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Cornwall's Maritime Churches

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St Wynwallow’s Church, Landewednack

Situated in the parish of Landewednack, on the Lizard Peninsula, St Wynwallow Church is the most southernly church in mainland Britain.

Research provided by Matthew Slack, an undergraduate student at the University of Exeter, Penryn Campus.

Introducing St Wynwallow’s Church, Landewednack

Nestled amongst trees, it stands somewhat hidden, yet proud.

Unfortunately, nothing remains of this original church. The oldest asset still standing is the 12th-century Norman doorway, under which the current entrance stands.

Inside there is a 15th-century font, inscribed with

Dn. Rich Bolham me fecit which translates from Latin as ‘Master Richard Bolham had me made’.

Richard Bolham served as rector of St Wynwallow’s from the early 15th Century, indicating its age.

The tower is thought to be a similar age. It is formed of alternating granite and serpentine blocks which created an eye-catching pattern. The materials can be linked to the local area with serpentine a dominant feature of the Lizard coastline, which is less than a mile away.

Where it all began…

The church of St Wynwallow is thought to have origins at least as early as 500 AD. At this time, across the channel in Brittany, several monks began travelling to spread the word of St. Winwaloe. Having reached the Lizard peninsula, they settled in order to build a place of worship in honour of Winwaloe. In 1297 the building was officially named Ecclesiam Sancti Wynewali, an explicit reference to this now-saint.

On the exterior of the church, there is another unique feature; a window behind the pulpit, under which there used to be a simple block of stone.

This little addition was an extension to the hagioscope, a gap in the wall through which locals could stand and peer into the church to hear that day’s sermon. At the time this window was constructed, the Cornish Language would have been widespread.

In 1549 the Act of Uniformity introduced the Book of Common Prayer in the English language during services, stirring the Prayer Book Rebellion. With the quick suppression of the uprising, the language fell into decline. In the latter 1670s, Reverend Francis Robinson preached:

Qy A Wra Aga Clewes Kewsel D’aga Tasow Agan Honen An Gwy Threson Mur A Dhew (‘We do hear them speak in our tongues the wonderful works of God’).

It would be the final sermon delivered in this eloquent language – to have it be about the power of speech was no doubt a fitting choice.

Maritime roots

Shipwrecks were a something of a frequent occurrence in the waters surrounding Landewednack.

Between 1800 – 1855 the Manacles on the east side of the Lizard claimed 25-30 vessels, costing between 700 – 800 lives.

In 1859 the Czar became one of the wrecked. Luckily for the 18 shipwrecked sailors who made it to shore that day, the inhabitants of the Lizard ensured their safe recovery. On the Sunday after the wrecking, the seamen attended the service at St. Wynwallow’s and personally thanked the community before being forwarded to Falmouth Sailor’s Home the next day.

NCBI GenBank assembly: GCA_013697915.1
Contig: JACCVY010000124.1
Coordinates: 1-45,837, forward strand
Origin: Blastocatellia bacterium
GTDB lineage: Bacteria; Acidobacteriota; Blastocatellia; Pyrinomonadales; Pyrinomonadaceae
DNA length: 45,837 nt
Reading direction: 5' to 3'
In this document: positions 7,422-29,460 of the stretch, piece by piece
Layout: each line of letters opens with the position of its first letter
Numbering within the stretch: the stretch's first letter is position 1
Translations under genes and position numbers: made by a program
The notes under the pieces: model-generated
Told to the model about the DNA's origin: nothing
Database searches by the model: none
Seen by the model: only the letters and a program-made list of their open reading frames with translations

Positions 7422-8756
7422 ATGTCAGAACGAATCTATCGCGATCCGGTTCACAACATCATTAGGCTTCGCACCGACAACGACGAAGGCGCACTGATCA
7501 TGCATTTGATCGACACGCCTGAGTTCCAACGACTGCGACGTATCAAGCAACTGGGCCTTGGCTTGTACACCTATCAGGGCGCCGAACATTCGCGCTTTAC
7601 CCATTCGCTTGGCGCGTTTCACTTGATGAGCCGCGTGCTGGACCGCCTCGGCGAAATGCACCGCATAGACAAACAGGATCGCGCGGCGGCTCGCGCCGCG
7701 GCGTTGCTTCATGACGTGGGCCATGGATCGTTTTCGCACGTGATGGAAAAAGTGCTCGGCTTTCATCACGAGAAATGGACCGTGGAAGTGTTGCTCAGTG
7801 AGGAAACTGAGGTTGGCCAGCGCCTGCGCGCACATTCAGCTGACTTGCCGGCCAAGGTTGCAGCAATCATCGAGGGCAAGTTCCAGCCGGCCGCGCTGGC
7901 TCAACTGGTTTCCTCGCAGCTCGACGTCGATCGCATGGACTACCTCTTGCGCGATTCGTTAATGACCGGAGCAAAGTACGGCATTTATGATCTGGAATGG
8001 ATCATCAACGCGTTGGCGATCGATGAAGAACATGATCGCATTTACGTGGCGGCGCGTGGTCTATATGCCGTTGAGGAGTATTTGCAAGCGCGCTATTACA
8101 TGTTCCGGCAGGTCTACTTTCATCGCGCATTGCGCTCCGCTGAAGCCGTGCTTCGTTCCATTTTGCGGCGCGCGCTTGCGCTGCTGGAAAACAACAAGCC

These unfortunate incidents carried into the 20th century.

Of particular significance are the memorials to the wartime shipwrecks. The first, as referenced on a plaque in the church, is to the MV Polperro. The ship was a small collier vessel carrying coal from Manchester. In the early hours of 6 January 1944, the Polperro was part of WP457 convoy that was between Land’s End and the Lizard when it was spotted by German E-Boats. The E-Boats split into 3 groups and attacked, sinking 5 ships; the Polperro lost all hands – 8 merchant crew and 3 gunners. Landewednack is the closest parish to the wreck site.

Kynance cove, Benjamin Elliott

The second ship was sunk 2 years prior to Polperro; the three Commonwealth War Graves Commission headstones which stand on the edge of the churchyard facing the road serve as representations of this incident.

Buried in the graveyard are the crew of the SS Gairsoppa, a British steam merchant ship that had left Calcutta on 4th December 1940 bound for London. The ship was forced to leave her convoy and divert alone to Galway for lack of fuel; en-route to which she was ominously circled by a four-engine aircraft.

A day later, on 17 February 1941, she was torpedoed on the starboard side and sank within 20 minutes; three lifeboats were thought to be have been launched but only one was heard from again. This was the lifeboat captained by Second Mate Richard Ayres, and which was now floating 300 miles from the nearest piece of land.

The next 13 days were a fight for survival for those on board this lifeboat. Estimates put the total number of men in the craft at the time of the sinking at around 30, but by the time it had been driven to Caerthillian Cove, a rocky inlet between Kynance Cove and Lizard Point, there were 3 or 4 Europeans and 2 Lascars still alive.